Posted by Elizabeth Bacher, Communications
|Flashback to last year: Mama Valkyrie is surrounded by her four pups, Tucker, Nooksack, Piper and Tahu. Photo: Jeremy Dwyer-Lindgren/Woodland Park Zoo|
We’re coming up on a milestone for our four youngest North American River otters. Almost one year ago, on March 16th 2019, our resident female, Valkyrie, gave birth to her very first litter of pups—two males and two females. Tucker, Nooksack, Piper and Tahu are nearly full grown now and almost ready for their next adventure.
|Happy birthday, baby! Throwback to one year ago when the N. American River otter pups had their first wellness exam. Photo: Jeremy Dwyer-Lindgren/Woodland Park Zoo|
|Otterly delightful! The group got along swimmingly, as seen here last August. Photo: Dennis Dow/Woodland Park Zoo|
|A splish-splash flashback from last year! Curious otter pups explored in and out of the water. Photo: Jeremy Dwyer-Lindgren/Woodland Park Zoo|
|A swirl of energy while the pups learnt to fish. Photo by Dennis Dow/Woodland Park Zoo.|
|It seems like just yesterday that the pups were taking their first dip into the stream. Photo by Jeremy Dwyer-Lindgren/Woodland Park Zoo.|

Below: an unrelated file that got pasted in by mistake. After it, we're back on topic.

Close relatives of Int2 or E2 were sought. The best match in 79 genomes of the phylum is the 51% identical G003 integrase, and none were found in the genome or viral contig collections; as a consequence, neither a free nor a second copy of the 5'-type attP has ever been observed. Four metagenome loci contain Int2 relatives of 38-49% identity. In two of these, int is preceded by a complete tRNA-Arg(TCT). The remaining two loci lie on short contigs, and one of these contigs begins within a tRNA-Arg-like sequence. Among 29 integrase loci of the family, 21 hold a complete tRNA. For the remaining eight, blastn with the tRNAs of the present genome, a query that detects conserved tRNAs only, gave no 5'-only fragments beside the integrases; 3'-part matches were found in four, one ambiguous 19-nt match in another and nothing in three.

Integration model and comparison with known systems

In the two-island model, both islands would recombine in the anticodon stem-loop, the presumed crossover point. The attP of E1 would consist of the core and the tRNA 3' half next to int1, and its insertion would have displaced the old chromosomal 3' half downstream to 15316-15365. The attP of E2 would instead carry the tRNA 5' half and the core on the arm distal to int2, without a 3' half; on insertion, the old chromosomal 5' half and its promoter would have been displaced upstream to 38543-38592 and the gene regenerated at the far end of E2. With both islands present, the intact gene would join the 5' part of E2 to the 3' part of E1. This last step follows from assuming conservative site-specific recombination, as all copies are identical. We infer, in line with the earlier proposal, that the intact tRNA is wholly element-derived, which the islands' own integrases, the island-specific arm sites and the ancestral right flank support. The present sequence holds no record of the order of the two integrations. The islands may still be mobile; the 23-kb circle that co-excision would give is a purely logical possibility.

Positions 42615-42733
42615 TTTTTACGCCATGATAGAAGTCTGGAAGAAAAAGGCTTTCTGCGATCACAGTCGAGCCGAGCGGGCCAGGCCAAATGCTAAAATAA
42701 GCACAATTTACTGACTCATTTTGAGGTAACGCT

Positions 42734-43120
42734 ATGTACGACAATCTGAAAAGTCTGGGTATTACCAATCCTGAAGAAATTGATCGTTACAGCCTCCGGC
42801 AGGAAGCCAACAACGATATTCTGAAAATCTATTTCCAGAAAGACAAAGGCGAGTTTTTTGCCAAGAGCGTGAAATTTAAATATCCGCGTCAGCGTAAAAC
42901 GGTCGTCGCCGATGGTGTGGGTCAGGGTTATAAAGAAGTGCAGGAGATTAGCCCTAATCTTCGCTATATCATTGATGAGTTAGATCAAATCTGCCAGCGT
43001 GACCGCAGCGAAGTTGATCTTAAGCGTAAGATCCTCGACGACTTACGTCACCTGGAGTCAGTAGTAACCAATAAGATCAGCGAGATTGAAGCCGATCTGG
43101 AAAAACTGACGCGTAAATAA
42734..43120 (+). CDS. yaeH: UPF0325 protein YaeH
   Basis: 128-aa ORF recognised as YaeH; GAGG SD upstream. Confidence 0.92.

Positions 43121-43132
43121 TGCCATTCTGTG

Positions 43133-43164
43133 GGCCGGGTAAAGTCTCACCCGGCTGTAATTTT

|Awwww... the river otter pups were all snuggles at a few weeks old. Photo by Jeremy Dwyer-Lindgren/Woodland Park Zoo.|
|Hello! Photo by Dennis Dow/Woodland Park Zoo.|
River otters depend on clean and healthy waterways to thrive in the Pacific Northwest. You can play a big part in keeping our water clean for otters and all the critters in our community by doing these three things:
- Reduce or eliminate lawn and garden chemicals. This keeps plants healthy naturally as well as protecting habitat, including water in our local streams, rivers and lakes. Visit SavingWater.org for tips on becoming pesticide free.
- Go plastic free for 3 months! Single-use plastic bottles are highly resource intensive to produce, transport and refrigerate. Their disposal has a direct impact on wildlife and habitats, threatening the well-being of animals and disrupting ecosystems. (If you make it three months, you can do it forever, right?)
- Organize or join a beach clean up on the Puget Sound or your local wetlands, you'd be surprised how many pieces of trash you'll find in our beautiful waterways. Just make sure you aren't disturbing wildlife while you work. For resources, check out: https://pugetsoundkeeper.org/cleanups/ for ideas!